The crew over the the NYT’s Upshot has a fascinating look at the geography of Facebook friendships. They note that geography explains far more about our friendship patterns than factors like politics.
One thing I found interesting is that, similar to the migration and other data I’ve posted, in state lines can be very real in more than just a legal sense. They note:
State lines are powerful boundaries in binding nearby places. For many counties, as the maps illustrate, the likelihood of friendship drops off sharply at state borders. And counties within a given state tend to be strongly connected to one another. This is particularly striking in Michigan, where counties near the Indiana and Ohio state line are more closely tied to Michigan’s Upper Peninsula than to out-of-state counties closer by.
Here are some maps I show that illustrate that. Here’s a map of friendships of people in Franklin County (Columbus), Ohio.
That’s incredibly stark. It’s a similar tale in Indiana. Here’s Marion County (Indianapolis).
It’s very similar. I see a few differences. It looks to me like Indy has a slightly larger regional footprint of connections. Columbus is more strongly connected to Appalachia, Indianapolis to the Mississippi River corridor. The latter leads me to intuit, which I believe is actually correct, that Indianapolis had more black inflow during the Great Migration, and historically had a smaller black population than Columbus. Columbus’ black population has grown recently, but I believe is coming mostly from Somalia.
It’s a similar story in Detroit (Wayne County):
Even the UP is strongly connected to Detroit. We see here even stronger connections to the south. It’s interesting to see that inter-regional social ties remain long after the end of the Great Migration.
Not all Midwest places are like this. Here’s Hennepin County (Minneapolis), Minnesota:
Minneapolis has powerful connectivity to Minnesota, but also to the surrounding states. This foots to other data that we’ve seen showing the Twin Cities have a large catchment area, in part because there are no major cities surrounding it to compete with.
It also has some connectivity to Denver. I see a bit of something a Denver connection with Indianapolis too. My wife tells me a bunch of Indy people she knows moved to Denver in the 1990s. (That makes sense, because Denver is basically an overgrown Indianapolis in the mountains). I wonder if similar migrations happened from MSP?
Chicago (Cook County) is an interesting case.
A few things jump out. First, you don’t see the state pattern here. Chicago is not really defining a state map. Perhaps this is because it’s not the state capital. But it might also show the highly disjointed nature of Illinois that fits in with its problems. A second is that Chicago retains very strong Great Migration ties even relative to Detroit.
The third is how weak Chicago’s national footprint is. Typical maps of Chicago connectivity some coastal connections. But in this study the researchers scaled all the data for population. Cook County is the second largest county in the United State, which gives it advantages in showing connectivity simply by virtue of sheer numbers. By normalizing for population, this advantage is neutralized and we see that it has a very narrow draw.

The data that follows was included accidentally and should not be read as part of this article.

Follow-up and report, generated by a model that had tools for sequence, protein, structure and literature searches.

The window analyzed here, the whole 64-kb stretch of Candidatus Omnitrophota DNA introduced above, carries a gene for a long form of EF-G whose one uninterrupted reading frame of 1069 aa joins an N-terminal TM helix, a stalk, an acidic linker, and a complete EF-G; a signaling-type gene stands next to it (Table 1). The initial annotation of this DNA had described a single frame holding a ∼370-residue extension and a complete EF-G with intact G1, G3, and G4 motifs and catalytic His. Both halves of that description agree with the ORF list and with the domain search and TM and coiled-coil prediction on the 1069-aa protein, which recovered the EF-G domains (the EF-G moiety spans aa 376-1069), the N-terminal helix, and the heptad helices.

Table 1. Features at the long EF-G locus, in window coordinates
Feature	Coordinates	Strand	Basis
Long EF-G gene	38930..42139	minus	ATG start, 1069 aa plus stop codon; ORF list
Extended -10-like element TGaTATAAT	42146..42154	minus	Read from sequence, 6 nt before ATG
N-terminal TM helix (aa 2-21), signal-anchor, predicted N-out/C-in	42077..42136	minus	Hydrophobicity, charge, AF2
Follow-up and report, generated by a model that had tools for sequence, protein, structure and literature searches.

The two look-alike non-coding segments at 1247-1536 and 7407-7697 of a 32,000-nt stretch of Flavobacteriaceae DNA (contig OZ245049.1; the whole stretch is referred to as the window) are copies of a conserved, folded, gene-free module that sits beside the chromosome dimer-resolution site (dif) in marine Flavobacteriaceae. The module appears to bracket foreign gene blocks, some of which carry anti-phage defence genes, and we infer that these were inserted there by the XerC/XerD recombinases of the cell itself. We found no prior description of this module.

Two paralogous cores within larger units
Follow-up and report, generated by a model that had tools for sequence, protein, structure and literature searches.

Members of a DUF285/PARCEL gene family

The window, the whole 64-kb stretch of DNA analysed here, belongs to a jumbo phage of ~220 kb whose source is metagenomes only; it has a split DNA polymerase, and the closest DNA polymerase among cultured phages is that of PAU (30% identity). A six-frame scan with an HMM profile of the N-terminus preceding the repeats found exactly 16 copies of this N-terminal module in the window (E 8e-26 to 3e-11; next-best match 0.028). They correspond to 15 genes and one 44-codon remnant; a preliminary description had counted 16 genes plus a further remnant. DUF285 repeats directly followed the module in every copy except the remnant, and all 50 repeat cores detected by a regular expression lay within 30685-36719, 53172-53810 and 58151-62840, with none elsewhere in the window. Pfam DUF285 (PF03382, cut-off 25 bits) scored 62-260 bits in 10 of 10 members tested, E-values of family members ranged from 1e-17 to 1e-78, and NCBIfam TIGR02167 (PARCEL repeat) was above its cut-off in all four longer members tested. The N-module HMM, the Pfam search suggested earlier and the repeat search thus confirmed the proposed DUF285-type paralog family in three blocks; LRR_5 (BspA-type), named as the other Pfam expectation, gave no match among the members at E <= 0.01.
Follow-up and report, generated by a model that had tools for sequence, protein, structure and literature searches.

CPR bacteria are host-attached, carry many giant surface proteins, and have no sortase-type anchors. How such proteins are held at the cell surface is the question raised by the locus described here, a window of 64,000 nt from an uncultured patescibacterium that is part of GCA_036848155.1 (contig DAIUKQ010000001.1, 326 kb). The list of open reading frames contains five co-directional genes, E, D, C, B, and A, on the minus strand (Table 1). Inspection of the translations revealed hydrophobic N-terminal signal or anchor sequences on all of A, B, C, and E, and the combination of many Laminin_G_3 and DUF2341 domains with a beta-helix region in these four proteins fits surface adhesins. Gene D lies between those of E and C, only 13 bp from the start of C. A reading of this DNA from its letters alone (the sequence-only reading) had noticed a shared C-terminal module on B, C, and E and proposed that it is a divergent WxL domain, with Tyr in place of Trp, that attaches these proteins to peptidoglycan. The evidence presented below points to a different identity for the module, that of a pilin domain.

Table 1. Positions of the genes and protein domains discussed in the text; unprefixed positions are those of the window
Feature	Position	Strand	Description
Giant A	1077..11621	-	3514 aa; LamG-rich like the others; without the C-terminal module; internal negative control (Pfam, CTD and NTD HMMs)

Let’s look at some other cities. Here’s Nashville (Davidson County).
We see right away a vast more substantial national footprint, though the regional area is a still a draw. The state boundary is shown there, but it’s not as stark a line as elsewhere.
Here’s San Francisco County:
We see here a strong bi-coastal pattern. SF is strongly connected to the West coast, but also the Acela corridor, particularly Boston, perhaps reflecting the Boston and the Bay Area as the traditional poles of the tech world. Other Western cities are in the mix.
I don’t know if the colors on these maps are bidirectionally the same. I see that SF County is connected to Cook County. Because SF County and NY County (Manhattan) are so geographically small, it’s possible Chicago showed as well connected to them, but it was invisible on the map.
Speaking of Manhattan (which is how it is listed in their database by the way), here’s that map:
Manhattan is the epicenter of the Northeast Corridor, but also plugged into Miami, LA, SF, and Seattle. It has some connections along the eastern seaboard where New Yorkers moved south. And I note Big Ten college towns lighting up (Bloomington, Champaign, Lafayette, Ann Arbor, Madison). Presumably some of that is New Yorkers heading west for school. IU in particular is well known for having a New York draw.
It’s interesting to see the sprawlvilles like Nashville with national footprints, whereas the coastal elites are talking to each other, as it were.
According to the NYT:
These networks are important in part because of other patterns that are correlated with them. Counties with more dispersed networks — where a smaller share of Facebook friends are located nearby, or among the nearest 50 million people — are on average richer, more educated and have longer life expectancies. Places that are more closely connected to one another also have more migration, trade and patent citations between them.
Counties that are more geographically isolated in the index are more likely to have lower labor force participation and economic mobility, and they have higher rates of teenage births. Some of the most economically distressed parts of the country appear to be the most disconnected: Among the 10 U.S. counties with the highest share of friends within 50 miles, six are in Kentucky.
Here is their map of the share of friend within 50 miles, which is close by friends, blue far away friends. Keep in mind that the vast distances of the West explain some of this map.
Click through to read the whole thing as it’s super-fascinating. There’s more to take away from this but I will probably write about it tomorrow.